The one or more printing engines 240 are intended to illustrate any marking device that applies marking material (toner, inks, plastics, organic material, etc.) to continuous media, sheets of media, fixed platforms, etc., in two- or three-dimensional printing processes, whether currently known or developed in the future. The printing engines 240 can include, for example, devices that use electrostatic toner printers, inkjet printheads, contact printheads, three-dimensional printers, etc. The one or more printing engines 240 can include, for example, devices that use a photoreceptor belt or an intermediate transfer belt or devices that print directly to print media (e.g., inkjet printers, ribbon-based contact printers, etc.).

FIG. 8 is flowchart illustrating exemplary methods herein. The processing described herein may, in some situations, be more useful for longer sheets; and, therefore, sometimes the processing herein may not be performed for smaller sheets. This is reflected in item 300 in FIG. 8 where the sheets length is compared to an established minimum sheet length and the following processing only occurs for sheets that exceed the previously established minimum sheet length.

When performed, this processing activates sheet movement components (e.g., the paper feeder device, the nip rollers, rotational device, etc.) in item 301. The round member is positioned relative to the stacking surface to move the sheets toward the stacking surface when rotating in item 301. Specifically, these methods rotate the first arm around the first hinge to rotate the first arm between the first position (closed) and the second position (open). The first arm is positioned to bias sheets toward the round member when in the first position (closed). The first arm is positioned to not bias the sheets toward the round member when in the second position (open). The round member has leading edge receivers adapted to accept leading edges of the sheets, and the first arm is positioned to direct the leading edges of the sheets into the leading edge receivers of the round member when the first arm is in the first position (closed). The process of controlling the first arm can control the hinge to position the arm to allow the trailing edge of a sheet to move from the round member in a direction approximately parallel to the stacking surface when the arm is in the second position (open).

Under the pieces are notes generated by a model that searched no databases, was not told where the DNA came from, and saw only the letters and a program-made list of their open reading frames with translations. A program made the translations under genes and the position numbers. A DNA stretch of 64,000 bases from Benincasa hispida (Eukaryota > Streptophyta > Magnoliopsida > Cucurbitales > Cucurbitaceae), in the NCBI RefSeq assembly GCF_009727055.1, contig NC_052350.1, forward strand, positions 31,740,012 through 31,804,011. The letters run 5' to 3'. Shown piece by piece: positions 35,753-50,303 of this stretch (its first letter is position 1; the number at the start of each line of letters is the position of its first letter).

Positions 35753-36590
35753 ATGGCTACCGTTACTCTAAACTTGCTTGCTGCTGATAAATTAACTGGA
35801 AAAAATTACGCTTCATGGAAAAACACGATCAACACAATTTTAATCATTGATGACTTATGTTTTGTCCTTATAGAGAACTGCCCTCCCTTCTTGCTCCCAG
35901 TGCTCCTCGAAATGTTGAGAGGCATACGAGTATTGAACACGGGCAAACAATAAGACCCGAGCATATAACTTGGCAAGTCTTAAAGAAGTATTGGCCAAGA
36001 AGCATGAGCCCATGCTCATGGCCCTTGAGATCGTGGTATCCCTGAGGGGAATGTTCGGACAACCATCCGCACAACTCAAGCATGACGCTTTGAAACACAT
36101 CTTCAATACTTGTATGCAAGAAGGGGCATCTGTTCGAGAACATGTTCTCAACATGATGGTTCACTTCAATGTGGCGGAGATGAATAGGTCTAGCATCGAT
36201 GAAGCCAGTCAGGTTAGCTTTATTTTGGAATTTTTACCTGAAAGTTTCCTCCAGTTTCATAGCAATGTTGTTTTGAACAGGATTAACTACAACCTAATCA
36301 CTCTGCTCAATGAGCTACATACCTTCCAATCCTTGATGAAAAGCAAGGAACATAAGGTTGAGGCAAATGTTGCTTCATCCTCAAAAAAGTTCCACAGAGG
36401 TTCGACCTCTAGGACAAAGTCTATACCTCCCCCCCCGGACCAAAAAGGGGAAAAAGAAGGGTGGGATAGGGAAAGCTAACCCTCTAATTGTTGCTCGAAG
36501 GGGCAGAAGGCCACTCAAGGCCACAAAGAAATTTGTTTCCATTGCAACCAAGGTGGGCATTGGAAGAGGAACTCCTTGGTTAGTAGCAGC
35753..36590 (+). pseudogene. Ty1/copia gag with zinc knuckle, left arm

Therefore, as shown in item 302 in FIG. 8, in this processing, the first and second arms are kept closed when contacting the leading edges of both the first type of sheets and the second type of sheets. However, the arms operate differently on the trailing edges.

Specifically, as shown in item 304, for the trailing edge of sufficiently high beam strength (higher beam strength) sheets, this processing leaves both arms closed and processing returns to item 302 to await the leading edge of the next sheet. Alternatively, in item 306, for the trailing edge of sufficiently low beam strength (lower beam strength) sheets, this processing rotates both arms to the open position. In another alternative, in item 308, for the trailing edge of beam strength sheets that are between the higher and lower beam strengths (medium beam strength) this processing leaves the first arm closed, but rotates the second arm to the open position.

While item 304 immediately returns to processing the leading edge of the next sheet, because items 306 and 308 have rotated at least one arm to the open position, in item 310 this processing closes any open arms for the next sheet and returns processing to item 302.

Therefore, with the methods herein, the first arm is rotated to the second position (open) only when contacting the trailing edge of the lower beam strength sheets (first type of sheets) as shown in item 306; and the first arm does not rotate, but maintains the first position (closed), when contacting the trailing edge of the second type of sheets (medium and high beam strengths) as shown in items 304 and 308. With respect to the second arm, the second arm rotates to the fourth position (open) when contacting the trailing edges of both the first type of sheets 306 and the second type of sheets 308 and may only remain closed when contacting the highest beam strength sheets in item 304.